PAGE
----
cells clearly expressed CD73, CD90, CD105, CD144, and
CD166 . A Nestin(+)/CD271(-)/Stro-1(-) cell popula-
tion from hESCs was recently reported to be mesenchymal-
like precursors . MSCs induced from hiPSCs or hESCs in
vitro may exhibit different characteristics, including surface
marker expression, from those of MSCs isolated primarily
from bone marrow and other organs. CD106 is also known
as vascular cell adhesion molecule-1 . Several groups
have reported changes in the expression of cell surface
markers, including CD106, following prolonged cultivation
[37,38]. Treatment with hyaluronan, a major glycosamino-
glycan ligand of CD44, has also been reported to upregulate
the expression of CD106 in MSCs . Thus, it is possible
that our culture method, which consists of 3 weeks of culture
under 3 different conditions, attenuates the expression of
hiPSCs for monolayer culture.
Phase-contrast micrograph of
monolayer cultured hiPSCs at
40· magnification 7 days af-
ter plating onto adhesive cul-
ture dishes. To determine the
ideal cell density, sprouted
cells from EBs were dissoci-
ated by trypsin/EDTA and
serially diluted to yield cell
cells/cm2. A cell density at 1–
mined to be ideal for cell
proliferation without cell ag-
Ideal cell density of
4 KOYAMA ET AL.
CD106. Nonetheless, expression of CD90, CD44, CD166,
CD146, CD73, CD105, and CD140a and the lack of CD34 and
CD45 suggest that at least a fraction of hiPSCs in monolayer
culture differentiated along the mesenchymal lineage. In-
deed, osteogenic differentiation
hiPSCs was confirmed using a previously described induc-
tion medium  (data not shown).
Chondrogenic differentiation of hiPSCs
by pellet culture
The original in vitro chondrogenic differentiation method
was initially established using rabbit and human bone
marrow-derived mesenchymal progenitor cells [17,18]. The
high-density 3D microenvironment is thought to facilitate
cell–cell and cell–matrix interactions and to mimic in vivo
limb development, in which mesenchymal condensation
occurs before chondrogenic induction. In a pellet or micro-
mass culture system, cells change their morphology, express
chondrogenic differentiation markers, and produce an ex-
tracellular matrix that contains acidic proteoglycans, which
stain positive for Alcian blue and toluidine blue. In a pre-
vious report, micromass culture using hESCs dissociated
from EBs exhibited chondrogenesis superior to that of a two-
dimensional (2D) EB direct-plating outgrowth system .
In the present study, we dissociated EBs and selected only
the cells that proliferated in monolayer culture in the MSC
growth medium. After 3 days of pellet culture, little Alcian
blue staining was observed, and hiPSCs inside the pellet
exhibited fibroblast-like morphology (Fig. 4A). At day 7 of
induction, pellets showed partial Alcian blue staining and
contained some large spherical cells with typical chon-
drocyte-like morphology (Fig. 4A). At day 14 of induction,
spherical cells and interstitium, which was clearly stained
growth conditions for 7 days, and then dissociated by trypsin/EDTA for pellet culture. Flow cytometric analysis of cell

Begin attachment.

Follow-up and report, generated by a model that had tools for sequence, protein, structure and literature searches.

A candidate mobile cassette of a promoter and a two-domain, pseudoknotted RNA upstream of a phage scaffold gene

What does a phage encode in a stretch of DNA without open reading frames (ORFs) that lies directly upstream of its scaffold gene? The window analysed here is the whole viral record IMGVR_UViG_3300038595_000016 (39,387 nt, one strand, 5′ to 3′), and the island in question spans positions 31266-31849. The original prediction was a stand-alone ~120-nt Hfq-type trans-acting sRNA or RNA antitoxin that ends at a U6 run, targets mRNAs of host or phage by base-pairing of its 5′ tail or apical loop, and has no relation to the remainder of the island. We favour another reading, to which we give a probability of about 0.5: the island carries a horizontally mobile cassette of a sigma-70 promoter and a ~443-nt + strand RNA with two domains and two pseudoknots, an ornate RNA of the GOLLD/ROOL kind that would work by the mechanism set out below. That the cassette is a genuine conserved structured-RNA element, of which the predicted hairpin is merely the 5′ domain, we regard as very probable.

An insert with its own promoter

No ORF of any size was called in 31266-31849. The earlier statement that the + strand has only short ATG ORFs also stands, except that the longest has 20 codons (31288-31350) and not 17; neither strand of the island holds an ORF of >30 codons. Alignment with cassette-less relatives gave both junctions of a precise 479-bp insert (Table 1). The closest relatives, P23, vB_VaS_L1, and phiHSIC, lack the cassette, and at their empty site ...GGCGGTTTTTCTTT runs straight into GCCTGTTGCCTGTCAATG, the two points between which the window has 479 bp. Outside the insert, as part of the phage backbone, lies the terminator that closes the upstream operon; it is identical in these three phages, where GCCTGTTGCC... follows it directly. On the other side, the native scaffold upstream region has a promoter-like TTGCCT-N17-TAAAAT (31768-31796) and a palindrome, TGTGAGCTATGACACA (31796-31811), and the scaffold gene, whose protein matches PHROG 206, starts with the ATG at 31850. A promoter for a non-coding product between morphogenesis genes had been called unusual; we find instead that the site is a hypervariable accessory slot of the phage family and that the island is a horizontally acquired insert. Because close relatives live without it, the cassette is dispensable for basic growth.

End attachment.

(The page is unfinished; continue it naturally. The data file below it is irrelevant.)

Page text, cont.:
surface marker expression on dissociated hiPSCs revealed that the major fraction of hiPSCs expressed CD90, CD44, and
CD166, and that a fraction of hiPSCs expressed CD146, CD73, CD105, and CD140a. hiPSCs were negative for TRA-1-60, a
marker of undifferentiated cells, and for hematopoietic markers (CD34 and CD45). Gray lines show staining with the relevant
isotype-matched control antibodies.
Expression of MSC markers by monolayer cultured hiPSCs. Cells were cultivated in monolayer culture under MSC
CHONDROGENIC DIFFERENTIATION OF HUMAN IPS CELLS5
with Alcian blue, were evident throughout the pellet (Fig.
4A). At day 21 of induction, the entire pellet was intensely
stained with Alcian blue, suggesting maturation of cartilag-
inous extracellular matrix (Fig. 4A).
Before chondrogenic induction by pellet culture, hiPSCs in
monolayer culture were small and fibroblast-like (Fig. 4B).
However, at day 21 of induction, hiPSCs located inside the
pellet exhibited large spherical morphology (Fig. 4C) and
were surrounded by Alcian blue–positive (Fig. 4D) and to-
luidine blue–positive (Fig. 4E) acidic proteoglycans. At day
28 of induction, many pellets exhibited internal necrosis
(data not shown). Thus, in our method, the differentiation of
hiPSCs appeared to reach a plateau at day 21 of induction.
The cell morphology and positive staining for Alcian blue
and toluidine blue indicated that hiPSCs differentiated into
the chondrogenic lineage. To confirm the chondrogenic dif-
ferentiation capability of hiPSCs, we examined 2 more hiPSC
lines. One line (iPS-TIG107) was generated from TIG-107
cell pellets stained with Alcian blue/hematoxylin/eosin (HE) revealed progressive chondrogenic differentiation of hiPSCs.
The positive area and intensity of Alcian blue staining, which indicated the existence of acidic proteoglycans, increased
progressively (A). hiPSCs in monolayer culture before pellet culture exhibited small size and fibroblast-like morphology (B).
After pellet culture for 21 days, staining with HE revealed spherical cell morphology and interstitium (C). Micrographs at
high magnification revealed positive staining with Alcian blue (D) and metachromasy of toluidine blue (E) in interstitium of
pellets cultured in the chondrogenic induction medium for 21 days. (A), 100· magnification; (B), 40· magnification; (C–E),
Histological analysis of chondrogenic differentiation from hiPSCs (B7). Histological analysis of paraffin-embedded
stained with Alcian blue/HE indicated progressive chondrogenic differentiation similar to that observed with hiPSCs. The
positive area and intensity of Alcian blue staining increased progressively (A). hESCs in monolayer culture before pellet
culture exhibited morphology similar to that of hiPSCs in monolayer culture (B). After pellet culture for 21 days, staining with
HE revealed spherical morphology typical of chondrocytes and interstitium (C). hESCs also presented positive staining with
Alcian blue (D) and metachromasy of toluidine blue (E) in interstitium of pellets cultured with chondrogenic induction
medium for 21 days. (A), 100· magnification; (B), 40· magnification; (C–E), 200· magnification.